Memorial Day for the Syrians

Last year at this time, I wrote a post about commemorating the lives of those who died for a cause, fought for their country or died from natural catastrophes. Last year was a pretty intense year. This year, I will say more of my focus has been on the uprising in Syria and the cruelty that has been used against the Syrians pleading for freedom and democracy. While we were celebrating Memorial Day and remembering the lives of our fellow Americans who died at war, the town of Homs and my fellow Syrians found a reason to have their own Memorial Day, as Syrians were massacred and brutalized. Over 100 people were killed, more than half of them women and children, in an 18-hour bombardment, murdering people in the privacy of their own homes.

I pray that the people who have the power to make a change will open their eyes and publicly condemn those responsible for killing the innocent Syrian people.  I hope that the people trying to raise awareness will be heard and helped, and I hope that the UN Human Rights Council will finally take action against the violence in Syria, as they have failed to do in the past. It is time for these crimes against humanity to be tried and punished, and it is time for the Syrian people to be granted their freedom.  Most importantly, it’s time for peace and security for Syria. I pray and hope for a better future.

Memorial Day

Today is Memorial Day. A day in which most people spend shopping, with family, at barbecues and celebrating the beginning of summer, but often forgetting that today is a holiday commemorating the lives of Americans who died at war.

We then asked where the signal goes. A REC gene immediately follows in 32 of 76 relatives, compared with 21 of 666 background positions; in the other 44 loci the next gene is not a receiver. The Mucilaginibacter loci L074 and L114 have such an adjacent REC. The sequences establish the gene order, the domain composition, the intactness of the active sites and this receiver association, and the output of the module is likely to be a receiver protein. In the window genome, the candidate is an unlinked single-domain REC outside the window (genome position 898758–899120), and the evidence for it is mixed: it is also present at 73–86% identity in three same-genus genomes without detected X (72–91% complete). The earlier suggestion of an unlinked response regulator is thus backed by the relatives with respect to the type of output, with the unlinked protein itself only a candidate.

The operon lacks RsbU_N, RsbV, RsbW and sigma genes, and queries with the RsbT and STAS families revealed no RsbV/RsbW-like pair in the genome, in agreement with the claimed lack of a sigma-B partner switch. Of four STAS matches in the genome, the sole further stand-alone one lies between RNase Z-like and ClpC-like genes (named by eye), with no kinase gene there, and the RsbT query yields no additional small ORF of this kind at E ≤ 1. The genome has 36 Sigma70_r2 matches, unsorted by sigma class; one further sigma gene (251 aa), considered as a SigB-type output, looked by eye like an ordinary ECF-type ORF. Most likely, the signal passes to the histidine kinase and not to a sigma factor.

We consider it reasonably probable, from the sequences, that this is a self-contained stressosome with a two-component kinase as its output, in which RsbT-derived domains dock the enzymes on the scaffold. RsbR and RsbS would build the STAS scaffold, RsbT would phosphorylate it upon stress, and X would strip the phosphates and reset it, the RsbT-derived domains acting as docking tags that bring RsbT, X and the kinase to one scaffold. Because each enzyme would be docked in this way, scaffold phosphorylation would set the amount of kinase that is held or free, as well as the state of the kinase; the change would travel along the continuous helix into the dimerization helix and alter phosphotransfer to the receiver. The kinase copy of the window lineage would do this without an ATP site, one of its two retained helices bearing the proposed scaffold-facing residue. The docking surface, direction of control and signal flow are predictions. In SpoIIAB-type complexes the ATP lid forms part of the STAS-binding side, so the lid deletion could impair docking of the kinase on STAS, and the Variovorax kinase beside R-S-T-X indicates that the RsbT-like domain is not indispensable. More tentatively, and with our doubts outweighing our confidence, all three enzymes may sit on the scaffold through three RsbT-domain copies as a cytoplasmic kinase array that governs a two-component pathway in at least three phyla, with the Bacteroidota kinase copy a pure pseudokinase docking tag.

Many people are out visiting graveyards and memorials to remember those who died for a cause, who fought for their country, and who died as heroes. As a proud American, I extend my condolences to those who have lost loved ones in war, and I am proud of my fellow Americans who died for something they believed in and fought with bravery at their own will.

Just as these brave Americans chose to fight for their country, many people around Africa and the Middle East are bravely standing in the streets to peacefully demand freedom, democracy, and justice in their homelands.  These brave civilians are also fighting for their country, so the next generations can experience a life of opportunity and a life worth living.

At the same time, we’ve seen the devastating natural forces all around the world – from the tornadoes ripping through the southern US states, the earthquakes in South America, the tsunamis and earthquakes in Asia, the flooding all around the world – killing thousands of people.  This year has been a pretty intense year in terms of natural catastrophes and political upheavals.

On this Memorial Day, while my heart, respect and gratitude are with my fellow Americans, I also extend my thoughts and prayers to those who have died either for a cause or by a natural cause. May their souls rest in peace and may their lives always be remembered.